Lawyers warn that people with the most serious, life-changing injuries have been significantly undercompensated while insurers have “quietly reaped the profits”.
A debate in the House of Lords tomorrow (18 July) will address a “motion to regret” the correction earlier this year of the ‘discount rate’ (sometimes referred to as the ‘Ogden rate’) for calculating personal injury claims.
“Since the correction of the discount rate the insurance industry has to pay full compensation to catastrophically injured people for the first time in years,” said Brett Dixon, president of the Association of Personal Injury Lawyers (APIL).
“The change was of no surprise to anyone. The very fact that it plummeted from 2.5 per cent to minus 0.75 per cent shows that the rate has been out-of-date for far too long. During this time insurers quietly reaped the financial benefits of not having to pay what they owe to people with life-long, life-changing injuries,” he said.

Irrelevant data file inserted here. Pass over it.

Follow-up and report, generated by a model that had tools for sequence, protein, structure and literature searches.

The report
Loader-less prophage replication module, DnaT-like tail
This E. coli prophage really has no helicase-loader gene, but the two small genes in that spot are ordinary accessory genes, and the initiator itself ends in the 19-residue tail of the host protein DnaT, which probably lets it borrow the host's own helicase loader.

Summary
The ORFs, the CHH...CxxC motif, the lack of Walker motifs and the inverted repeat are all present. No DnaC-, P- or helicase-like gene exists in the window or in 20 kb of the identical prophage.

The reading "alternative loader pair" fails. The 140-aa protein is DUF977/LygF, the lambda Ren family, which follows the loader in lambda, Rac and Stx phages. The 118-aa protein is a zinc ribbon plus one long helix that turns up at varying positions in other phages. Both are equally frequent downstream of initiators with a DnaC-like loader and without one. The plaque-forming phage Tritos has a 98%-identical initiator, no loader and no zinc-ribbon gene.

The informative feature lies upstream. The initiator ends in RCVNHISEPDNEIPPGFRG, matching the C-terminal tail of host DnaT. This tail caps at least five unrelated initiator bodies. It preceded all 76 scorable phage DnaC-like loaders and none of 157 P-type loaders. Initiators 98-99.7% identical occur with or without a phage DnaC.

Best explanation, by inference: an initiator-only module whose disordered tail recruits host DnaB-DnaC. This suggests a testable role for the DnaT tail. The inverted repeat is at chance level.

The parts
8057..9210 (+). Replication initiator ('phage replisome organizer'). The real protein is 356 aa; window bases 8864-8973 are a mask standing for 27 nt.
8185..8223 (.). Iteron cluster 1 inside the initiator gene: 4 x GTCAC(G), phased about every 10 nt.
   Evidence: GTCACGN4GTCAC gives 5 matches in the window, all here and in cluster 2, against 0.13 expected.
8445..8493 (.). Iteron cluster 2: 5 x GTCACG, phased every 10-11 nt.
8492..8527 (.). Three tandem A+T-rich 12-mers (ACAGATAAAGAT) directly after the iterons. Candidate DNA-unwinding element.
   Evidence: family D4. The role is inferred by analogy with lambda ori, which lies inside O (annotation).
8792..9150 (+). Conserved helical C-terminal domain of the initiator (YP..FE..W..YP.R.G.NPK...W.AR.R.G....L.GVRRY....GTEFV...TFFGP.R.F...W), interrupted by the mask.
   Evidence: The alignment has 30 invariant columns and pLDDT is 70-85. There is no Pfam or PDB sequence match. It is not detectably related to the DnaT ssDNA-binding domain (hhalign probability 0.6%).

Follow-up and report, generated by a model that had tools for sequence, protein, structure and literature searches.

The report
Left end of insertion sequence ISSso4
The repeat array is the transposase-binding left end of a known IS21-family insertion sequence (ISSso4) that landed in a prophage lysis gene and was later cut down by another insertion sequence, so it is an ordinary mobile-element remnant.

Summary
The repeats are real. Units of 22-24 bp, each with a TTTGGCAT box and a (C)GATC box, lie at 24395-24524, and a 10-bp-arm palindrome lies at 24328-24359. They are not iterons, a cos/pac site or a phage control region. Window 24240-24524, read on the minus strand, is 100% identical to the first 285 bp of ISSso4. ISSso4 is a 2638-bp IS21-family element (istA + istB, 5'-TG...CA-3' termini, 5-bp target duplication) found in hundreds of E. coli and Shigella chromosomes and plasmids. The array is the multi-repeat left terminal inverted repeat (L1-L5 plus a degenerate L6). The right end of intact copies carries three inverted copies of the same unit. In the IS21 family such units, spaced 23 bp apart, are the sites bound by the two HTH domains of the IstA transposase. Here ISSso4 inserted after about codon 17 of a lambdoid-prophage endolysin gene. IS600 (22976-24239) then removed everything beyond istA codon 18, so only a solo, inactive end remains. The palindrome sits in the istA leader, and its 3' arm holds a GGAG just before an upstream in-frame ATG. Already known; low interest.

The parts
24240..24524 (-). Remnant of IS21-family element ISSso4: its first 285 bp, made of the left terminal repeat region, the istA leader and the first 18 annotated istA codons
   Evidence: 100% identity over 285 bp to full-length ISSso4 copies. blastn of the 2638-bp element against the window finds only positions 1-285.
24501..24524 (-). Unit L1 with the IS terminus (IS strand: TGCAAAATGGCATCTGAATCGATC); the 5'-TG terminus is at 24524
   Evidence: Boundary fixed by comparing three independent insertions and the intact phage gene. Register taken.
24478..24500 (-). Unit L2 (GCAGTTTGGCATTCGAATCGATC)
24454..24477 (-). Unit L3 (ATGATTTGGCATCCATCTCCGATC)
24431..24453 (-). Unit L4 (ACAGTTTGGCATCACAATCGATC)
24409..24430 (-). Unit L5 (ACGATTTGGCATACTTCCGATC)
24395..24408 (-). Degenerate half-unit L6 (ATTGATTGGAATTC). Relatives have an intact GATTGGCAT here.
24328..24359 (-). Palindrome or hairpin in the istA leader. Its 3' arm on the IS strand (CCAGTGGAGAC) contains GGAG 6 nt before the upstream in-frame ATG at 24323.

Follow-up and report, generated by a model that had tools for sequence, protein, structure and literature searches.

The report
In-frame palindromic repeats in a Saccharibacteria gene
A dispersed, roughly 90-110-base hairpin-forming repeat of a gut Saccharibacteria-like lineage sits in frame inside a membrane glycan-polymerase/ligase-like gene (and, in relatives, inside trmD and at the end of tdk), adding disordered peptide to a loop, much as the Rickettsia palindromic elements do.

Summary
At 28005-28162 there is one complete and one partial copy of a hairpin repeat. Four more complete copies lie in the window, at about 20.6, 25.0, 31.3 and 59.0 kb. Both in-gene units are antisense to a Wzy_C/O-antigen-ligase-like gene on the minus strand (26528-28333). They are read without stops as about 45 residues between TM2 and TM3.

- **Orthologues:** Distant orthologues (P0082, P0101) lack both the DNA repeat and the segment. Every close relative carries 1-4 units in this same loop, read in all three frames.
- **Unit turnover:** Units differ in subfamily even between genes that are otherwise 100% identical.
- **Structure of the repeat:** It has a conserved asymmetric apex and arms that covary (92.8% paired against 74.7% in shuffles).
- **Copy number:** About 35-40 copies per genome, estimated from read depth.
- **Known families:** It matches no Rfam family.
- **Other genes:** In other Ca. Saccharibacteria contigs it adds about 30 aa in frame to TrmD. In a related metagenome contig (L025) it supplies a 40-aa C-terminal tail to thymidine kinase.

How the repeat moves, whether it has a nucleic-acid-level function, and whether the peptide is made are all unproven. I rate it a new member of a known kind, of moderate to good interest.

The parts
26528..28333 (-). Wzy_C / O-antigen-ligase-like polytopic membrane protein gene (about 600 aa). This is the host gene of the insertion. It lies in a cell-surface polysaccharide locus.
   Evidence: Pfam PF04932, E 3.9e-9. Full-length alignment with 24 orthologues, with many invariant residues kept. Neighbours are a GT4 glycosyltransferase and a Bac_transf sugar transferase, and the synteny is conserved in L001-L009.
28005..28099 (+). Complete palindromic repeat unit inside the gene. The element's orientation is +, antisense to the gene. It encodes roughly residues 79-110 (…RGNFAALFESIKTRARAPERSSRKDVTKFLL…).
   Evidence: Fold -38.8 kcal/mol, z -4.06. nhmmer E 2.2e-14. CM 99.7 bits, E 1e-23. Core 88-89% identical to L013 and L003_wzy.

“Yet the insurance industry has been vociferous in blaming the correction for rising motor premiums. It is scandalous that the blame for the mismanagement of the discount rate is being put at the door of seriously injured people.
“This affects people with long-term financial losses, such as loss of earnings and the cost of round-the-clock care. When insurers don’t pay for these needs as they should taxpayers, through the State, must pick up the tab”.